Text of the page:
“Si! Si!”, shrieks of delight echo around the courtyard as 40 school children excitedly answer our questions about donkeys. “Los burros son inteligentes!”
We are in Xalapa, an historic town in the region of Veracruz, Mexico, situated approximately 350 km south east of Mexico City. The Donkey Sanctuary Mexico team are here as part of an international congress on animal welfare, and as part of this we are delivering an education programme to a group of 40 local school children.
The workshop started with an exercise to find out what the children thought about donkeys. One of the Donkey Sanctuary Mexico staff, Jaime, shouted out a question, and the children had to jump left if they agreed, “Si”, or jump right if they disagreed, “No”. Questions such as “do you think the donkey is intelligent?” and “do donkeys work hard?” were asked, and the children had great fun jumping around the courtyard to demonstrate their responses. The high energy levels in the exercise made it fun and engaging, and it was a great way to find out what local children think about donkeys in their communities.
The game was immediately followed up with a talk about working donkeys, in which the children learnt about what donkeys need to stay healthy, and about how to care for donkeys. The session was really interactive, with the children telling the Donkey Sanctuary Mexico team all about their own animals at home, about their personalities and how they feel about them. This got the children thinking about how they love and value their own pets, and they were encouraged to think about donkeys in the same way, in order to demonstrate the value of donkeys within their communities.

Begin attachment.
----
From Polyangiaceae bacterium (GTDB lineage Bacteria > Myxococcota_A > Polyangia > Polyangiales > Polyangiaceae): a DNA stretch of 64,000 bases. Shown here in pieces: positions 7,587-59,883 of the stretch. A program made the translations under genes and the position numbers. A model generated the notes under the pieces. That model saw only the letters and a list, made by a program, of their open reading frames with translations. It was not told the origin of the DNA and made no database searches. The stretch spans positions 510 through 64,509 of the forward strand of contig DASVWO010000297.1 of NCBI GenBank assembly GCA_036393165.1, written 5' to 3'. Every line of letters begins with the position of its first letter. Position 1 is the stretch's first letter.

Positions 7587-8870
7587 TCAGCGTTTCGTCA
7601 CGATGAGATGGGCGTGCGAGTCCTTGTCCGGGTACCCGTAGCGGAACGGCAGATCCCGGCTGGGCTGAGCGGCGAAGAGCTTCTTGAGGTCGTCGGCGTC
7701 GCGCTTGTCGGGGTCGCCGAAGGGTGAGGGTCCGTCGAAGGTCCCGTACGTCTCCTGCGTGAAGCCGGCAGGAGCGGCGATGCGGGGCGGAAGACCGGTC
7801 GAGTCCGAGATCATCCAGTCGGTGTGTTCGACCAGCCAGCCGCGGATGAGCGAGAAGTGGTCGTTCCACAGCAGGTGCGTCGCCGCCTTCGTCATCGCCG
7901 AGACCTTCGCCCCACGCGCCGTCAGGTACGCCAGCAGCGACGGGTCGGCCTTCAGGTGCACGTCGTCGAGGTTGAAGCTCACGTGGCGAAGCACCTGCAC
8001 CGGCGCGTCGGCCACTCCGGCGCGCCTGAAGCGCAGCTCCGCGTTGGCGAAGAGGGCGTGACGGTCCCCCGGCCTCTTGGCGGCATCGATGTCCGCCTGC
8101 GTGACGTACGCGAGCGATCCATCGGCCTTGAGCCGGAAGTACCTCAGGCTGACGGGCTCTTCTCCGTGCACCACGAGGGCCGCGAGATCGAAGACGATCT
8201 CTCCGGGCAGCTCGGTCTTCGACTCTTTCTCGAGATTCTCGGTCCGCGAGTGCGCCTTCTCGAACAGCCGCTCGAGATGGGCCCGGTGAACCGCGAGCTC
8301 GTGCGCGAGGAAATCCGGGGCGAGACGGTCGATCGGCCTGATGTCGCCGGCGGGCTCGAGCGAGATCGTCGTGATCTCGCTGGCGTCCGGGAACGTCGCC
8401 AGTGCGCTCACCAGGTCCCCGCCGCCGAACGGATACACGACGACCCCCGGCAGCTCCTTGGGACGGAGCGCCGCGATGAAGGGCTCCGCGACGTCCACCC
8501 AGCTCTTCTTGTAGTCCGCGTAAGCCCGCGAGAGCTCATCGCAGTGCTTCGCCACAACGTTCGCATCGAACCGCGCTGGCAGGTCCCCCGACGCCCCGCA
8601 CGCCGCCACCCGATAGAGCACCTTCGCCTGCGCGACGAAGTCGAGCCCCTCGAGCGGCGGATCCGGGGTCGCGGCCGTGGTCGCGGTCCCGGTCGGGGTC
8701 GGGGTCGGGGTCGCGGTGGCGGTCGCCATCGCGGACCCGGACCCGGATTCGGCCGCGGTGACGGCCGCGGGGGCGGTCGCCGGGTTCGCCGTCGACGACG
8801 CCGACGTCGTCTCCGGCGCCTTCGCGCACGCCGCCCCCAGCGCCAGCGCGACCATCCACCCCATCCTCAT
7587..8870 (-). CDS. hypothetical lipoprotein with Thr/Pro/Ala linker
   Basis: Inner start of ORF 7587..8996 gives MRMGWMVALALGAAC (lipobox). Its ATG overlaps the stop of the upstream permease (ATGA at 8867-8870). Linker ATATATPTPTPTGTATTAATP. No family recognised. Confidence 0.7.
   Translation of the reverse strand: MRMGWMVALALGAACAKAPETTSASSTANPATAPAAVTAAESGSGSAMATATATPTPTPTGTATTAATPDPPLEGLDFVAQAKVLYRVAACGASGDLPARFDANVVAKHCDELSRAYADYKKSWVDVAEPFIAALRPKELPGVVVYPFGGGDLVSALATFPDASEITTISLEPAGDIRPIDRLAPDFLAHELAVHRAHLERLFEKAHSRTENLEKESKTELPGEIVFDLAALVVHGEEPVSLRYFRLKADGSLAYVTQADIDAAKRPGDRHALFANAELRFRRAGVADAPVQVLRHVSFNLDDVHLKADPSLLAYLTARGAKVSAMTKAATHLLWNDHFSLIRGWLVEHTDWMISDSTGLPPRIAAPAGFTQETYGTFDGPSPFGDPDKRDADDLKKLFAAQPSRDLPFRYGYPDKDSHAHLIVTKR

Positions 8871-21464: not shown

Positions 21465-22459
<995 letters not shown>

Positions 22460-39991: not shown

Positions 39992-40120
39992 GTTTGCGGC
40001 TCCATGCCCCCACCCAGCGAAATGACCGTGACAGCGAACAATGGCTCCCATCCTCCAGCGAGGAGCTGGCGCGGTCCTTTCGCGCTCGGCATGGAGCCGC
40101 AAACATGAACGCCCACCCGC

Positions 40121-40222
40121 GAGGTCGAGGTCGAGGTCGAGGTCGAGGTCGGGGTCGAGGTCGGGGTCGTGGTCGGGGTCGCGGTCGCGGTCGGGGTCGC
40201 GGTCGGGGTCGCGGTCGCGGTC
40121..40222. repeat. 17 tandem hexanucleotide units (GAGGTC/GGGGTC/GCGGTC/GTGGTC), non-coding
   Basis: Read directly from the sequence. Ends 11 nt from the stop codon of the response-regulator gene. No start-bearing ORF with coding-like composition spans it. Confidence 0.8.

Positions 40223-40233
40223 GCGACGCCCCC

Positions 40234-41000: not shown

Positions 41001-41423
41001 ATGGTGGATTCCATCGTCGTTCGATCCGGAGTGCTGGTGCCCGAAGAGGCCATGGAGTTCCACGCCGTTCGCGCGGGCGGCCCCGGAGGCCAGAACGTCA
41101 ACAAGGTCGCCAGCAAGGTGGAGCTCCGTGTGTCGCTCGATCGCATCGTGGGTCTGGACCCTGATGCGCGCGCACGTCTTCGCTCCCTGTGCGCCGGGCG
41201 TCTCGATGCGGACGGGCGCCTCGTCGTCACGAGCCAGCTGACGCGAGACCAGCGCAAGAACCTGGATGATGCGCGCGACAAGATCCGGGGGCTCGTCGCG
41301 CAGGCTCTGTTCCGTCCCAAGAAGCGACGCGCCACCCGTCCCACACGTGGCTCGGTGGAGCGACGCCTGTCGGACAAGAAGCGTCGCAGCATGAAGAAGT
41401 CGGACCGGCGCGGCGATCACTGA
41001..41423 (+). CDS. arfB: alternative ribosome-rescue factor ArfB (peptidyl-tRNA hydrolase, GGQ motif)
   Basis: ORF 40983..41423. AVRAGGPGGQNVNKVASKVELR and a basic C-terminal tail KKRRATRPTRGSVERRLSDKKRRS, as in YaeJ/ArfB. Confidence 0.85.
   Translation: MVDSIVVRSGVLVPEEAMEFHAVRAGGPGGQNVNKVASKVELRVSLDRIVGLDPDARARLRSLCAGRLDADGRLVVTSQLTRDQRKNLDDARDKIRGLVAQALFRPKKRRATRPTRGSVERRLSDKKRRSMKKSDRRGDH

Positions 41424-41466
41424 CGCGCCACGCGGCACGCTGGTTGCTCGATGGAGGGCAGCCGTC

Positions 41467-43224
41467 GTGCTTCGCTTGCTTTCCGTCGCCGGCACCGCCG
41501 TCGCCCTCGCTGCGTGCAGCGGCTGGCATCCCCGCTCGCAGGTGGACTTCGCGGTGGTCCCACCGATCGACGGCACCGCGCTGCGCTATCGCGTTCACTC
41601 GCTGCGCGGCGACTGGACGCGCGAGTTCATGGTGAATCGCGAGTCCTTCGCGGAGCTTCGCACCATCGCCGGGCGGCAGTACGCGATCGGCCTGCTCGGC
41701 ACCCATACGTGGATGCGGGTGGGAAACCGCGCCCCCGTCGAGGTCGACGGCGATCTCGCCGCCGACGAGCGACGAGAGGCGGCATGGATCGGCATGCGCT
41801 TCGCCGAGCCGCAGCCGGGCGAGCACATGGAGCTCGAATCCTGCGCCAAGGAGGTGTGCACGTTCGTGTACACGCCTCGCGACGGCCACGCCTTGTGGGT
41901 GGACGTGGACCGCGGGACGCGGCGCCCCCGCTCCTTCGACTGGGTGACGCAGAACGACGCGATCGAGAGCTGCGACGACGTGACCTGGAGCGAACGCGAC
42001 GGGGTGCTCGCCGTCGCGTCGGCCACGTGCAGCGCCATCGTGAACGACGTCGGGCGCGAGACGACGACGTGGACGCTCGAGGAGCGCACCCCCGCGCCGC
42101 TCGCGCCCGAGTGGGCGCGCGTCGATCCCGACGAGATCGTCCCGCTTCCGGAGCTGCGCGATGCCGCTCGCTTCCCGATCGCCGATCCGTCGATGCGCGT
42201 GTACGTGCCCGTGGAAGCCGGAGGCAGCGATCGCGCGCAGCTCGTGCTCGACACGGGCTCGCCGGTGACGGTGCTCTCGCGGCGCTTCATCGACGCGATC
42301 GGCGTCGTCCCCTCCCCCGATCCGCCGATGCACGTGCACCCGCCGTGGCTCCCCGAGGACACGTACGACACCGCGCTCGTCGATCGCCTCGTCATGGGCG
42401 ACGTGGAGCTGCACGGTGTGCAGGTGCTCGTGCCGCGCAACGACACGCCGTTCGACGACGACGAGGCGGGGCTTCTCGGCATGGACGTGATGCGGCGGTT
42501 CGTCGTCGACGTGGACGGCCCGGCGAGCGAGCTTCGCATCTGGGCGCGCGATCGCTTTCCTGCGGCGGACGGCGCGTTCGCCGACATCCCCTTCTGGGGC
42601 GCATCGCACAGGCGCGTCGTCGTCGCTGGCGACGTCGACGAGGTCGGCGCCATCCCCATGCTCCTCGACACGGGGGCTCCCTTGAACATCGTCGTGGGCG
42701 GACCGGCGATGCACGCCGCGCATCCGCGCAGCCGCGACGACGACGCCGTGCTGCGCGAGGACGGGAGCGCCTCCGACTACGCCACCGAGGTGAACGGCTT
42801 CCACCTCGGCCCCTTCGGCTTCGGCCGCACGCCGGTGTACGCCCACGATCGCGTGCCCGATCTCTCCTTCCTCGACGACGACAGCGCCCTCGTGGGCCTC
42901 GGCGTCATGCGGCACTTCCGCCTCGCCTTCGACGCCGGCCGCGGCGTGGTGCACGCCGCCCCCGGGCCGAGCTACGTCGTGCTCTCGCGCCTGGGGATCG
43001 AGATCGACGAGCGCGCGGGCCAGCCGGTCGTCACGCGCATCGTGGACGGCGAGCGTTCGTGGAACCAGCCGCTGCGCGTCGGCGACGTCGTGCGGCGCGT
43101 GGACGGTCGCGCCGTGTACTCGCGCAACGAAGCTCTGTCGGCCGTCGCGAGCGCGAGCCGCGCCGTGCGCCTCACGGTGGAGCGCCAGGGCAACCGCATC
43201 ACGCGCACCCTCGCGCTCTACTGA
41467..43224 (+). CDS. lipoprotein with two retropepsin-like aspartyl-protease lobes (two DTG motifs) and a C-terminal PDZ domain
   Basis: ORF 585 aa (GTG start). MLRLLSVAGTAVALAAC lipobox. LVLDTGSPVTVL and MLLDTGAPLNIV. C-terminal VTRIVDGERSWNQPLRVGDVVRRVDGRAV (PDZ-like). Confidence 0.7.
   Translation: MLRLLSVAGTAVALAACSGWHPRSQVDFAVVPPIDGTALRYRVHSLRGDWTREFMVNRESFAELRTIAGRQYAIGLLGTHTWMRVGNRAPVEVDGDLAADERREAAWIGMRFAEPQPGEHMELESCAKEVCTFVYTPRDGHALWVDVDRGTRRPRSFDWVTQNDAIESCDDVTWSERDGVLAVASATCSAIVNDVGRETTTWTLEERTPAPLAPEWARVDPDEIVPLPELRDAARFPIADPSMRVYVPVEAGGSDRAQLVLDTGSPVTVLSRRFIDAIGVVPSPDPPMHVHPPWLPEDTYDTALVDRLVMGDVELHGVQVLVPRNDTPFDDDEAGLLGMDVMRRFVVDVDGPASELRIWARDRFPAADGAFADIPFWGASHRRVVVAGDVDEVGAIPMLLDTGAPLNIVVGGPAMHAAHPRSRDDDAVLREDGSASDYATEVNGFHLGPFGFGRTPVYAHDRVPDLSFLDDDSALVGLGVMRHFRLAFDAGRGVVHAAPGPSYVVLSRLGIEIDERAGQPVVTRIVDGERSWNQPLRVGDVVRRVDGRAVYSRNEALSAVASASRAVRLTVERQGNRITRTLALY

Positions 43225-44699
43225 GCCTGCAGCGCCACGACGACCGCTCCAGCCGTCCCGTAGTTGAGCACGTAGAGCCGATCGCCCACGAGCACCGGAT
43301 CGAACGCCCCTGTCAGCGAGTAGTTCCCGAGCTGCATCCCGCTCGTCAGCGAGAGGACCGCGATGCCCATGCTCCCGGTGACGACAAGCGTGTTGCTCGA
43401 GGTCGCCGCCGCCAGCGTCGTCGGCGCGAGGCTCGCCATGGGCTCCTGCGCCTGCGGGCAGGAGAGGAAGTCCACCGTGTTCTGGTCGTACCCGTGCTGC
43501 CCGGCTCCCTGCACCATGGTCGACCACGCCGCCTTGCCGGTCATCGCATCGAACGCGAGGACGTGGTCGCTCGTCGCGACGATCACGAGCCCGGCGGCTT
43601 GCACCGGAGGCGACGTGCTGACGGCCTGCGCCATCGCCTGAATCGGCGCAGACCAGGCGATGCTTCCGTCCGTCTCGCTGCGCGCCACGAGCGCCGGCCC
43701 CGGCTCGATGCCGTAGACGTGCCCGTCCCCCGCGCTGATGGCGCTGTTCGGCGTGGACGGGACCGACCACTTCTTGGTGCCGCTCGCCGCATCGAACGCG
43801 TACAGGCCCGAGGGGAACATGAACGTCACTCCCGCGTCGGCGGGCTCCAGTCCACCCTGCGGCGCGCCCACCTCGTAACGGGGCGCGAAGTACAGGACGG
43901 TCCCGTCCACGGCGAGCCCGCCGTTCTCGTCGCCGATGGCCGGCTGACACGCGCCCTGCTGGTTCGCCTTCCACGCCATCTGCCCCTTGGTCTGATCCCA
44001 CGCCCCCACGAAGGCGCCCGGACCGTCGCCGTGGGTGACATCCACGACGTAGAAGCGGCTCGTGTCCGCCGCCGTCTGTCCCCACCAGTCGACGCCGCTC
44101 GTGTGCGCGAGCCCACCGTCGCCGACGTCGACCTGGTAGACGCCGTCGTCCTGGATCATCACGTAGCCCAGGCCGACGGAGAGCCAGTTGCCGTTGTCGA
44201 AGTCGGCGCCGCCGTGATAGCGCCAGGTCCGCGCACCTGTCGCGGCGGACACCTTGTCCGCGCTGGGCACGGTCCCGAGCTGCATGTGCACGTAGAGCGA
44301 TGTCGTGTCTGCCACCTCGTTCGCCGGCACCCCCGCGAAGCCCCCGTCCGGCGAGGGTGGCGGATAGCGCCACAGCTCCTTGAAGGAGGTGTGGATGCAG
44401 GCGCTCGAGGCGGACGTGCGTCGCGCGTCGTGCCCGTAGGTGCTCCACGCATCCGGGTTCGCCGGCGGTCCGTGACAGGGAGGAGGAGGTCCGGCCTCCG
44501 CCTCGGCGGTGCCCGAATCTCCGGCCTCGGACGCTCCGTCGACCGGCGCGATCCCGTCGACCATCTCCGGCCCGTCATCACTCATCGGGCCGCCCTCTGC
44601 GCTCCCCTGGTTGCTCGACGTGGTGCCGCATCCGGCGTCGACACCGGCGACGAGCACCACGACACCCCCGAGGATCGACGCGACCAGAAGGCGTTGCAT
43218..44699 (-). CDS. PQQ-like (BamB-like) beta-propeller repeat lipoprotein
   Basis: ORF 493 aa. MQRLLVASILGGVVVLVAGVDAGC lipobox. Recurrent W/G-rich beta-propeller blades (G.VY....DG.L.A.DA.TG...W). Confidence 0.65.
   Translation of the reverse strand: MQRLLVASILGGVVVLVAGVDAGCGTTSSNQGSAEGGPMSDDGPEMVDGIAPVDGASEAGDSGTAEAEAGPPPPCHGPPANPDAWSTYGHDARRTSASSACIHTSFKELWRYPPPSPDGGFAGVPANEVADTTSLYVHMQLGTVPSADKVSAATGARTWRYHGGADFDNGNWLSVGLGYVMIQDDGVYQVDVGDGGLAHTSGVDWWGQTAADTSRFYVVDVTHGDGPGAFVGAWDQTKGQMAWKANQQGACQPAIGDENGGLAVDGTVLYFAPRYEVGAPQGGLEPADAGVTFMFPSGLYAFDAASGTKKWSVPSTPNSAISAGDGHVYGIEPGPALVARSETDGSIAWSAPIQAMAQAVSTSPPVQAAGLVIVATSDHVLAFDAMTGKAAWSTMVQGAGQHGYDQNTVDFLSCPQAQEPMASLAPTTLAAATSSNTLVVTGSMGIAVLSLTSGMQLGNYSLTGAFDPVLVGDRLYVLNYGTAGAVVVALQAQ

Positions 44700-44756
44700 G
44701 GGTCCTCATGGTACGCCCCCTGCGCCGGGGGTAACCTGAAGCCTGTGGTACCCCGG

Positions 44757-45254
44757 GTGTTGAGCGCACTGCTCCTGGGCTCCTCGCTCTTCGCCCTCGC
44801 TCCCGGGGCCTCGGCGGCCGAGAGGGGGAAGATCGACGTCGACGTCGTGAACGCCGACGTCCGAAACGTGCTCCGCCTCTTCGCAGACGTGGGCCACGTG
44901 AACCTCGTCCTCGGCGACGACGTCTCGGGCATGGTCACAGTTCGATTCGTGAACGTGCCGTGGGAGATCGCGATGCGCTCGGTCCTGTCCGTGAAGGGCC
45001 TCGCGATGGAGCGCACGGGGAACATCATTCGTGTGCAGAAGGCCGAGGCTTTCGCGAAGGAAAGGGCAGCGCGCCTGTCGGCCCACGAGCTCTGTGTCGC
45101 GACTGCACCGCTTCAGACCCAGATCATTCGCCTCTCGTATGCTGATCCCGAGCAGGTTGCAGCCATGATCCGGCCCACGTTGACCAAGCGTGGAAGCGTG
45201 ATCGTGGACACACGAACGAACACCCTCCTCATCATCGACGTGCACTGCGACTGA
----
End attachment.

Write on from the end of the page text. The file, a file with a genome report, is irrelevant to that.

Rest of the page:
After the talk, we moved back to the courtyard for more interactive group exercises. For the next task, children were put into five groups; each group was given a tub of building bricks and asked to build a ‘house’ for a donkey. This exercise was designed to encourage the children to think about what a donkey needs, and how they would make sure they looked after their donkeys well. It was quite amazing to watch groups of children excitedly chatting about how they could look after their donkey; what he might need, and how they could provide those things for him.
At the end, everyone went round together to see each other’s donkey houses, and each group described what they had built, and what they had included to keep their donkey happy and healthy. The results were remarkable; every group had thought very carefully about the donkey’s needs and built a little house that made sure he was comfortable; one group even included a raised bed for the donkey in case he got tired.
The workshop was great fun, and the children certainly enjoyed it. The interaction and high-energy tasks ensured they will remember what they learnt, and hopefully they will go home to tell their friends and families about the value and importance of donkeys within their communities.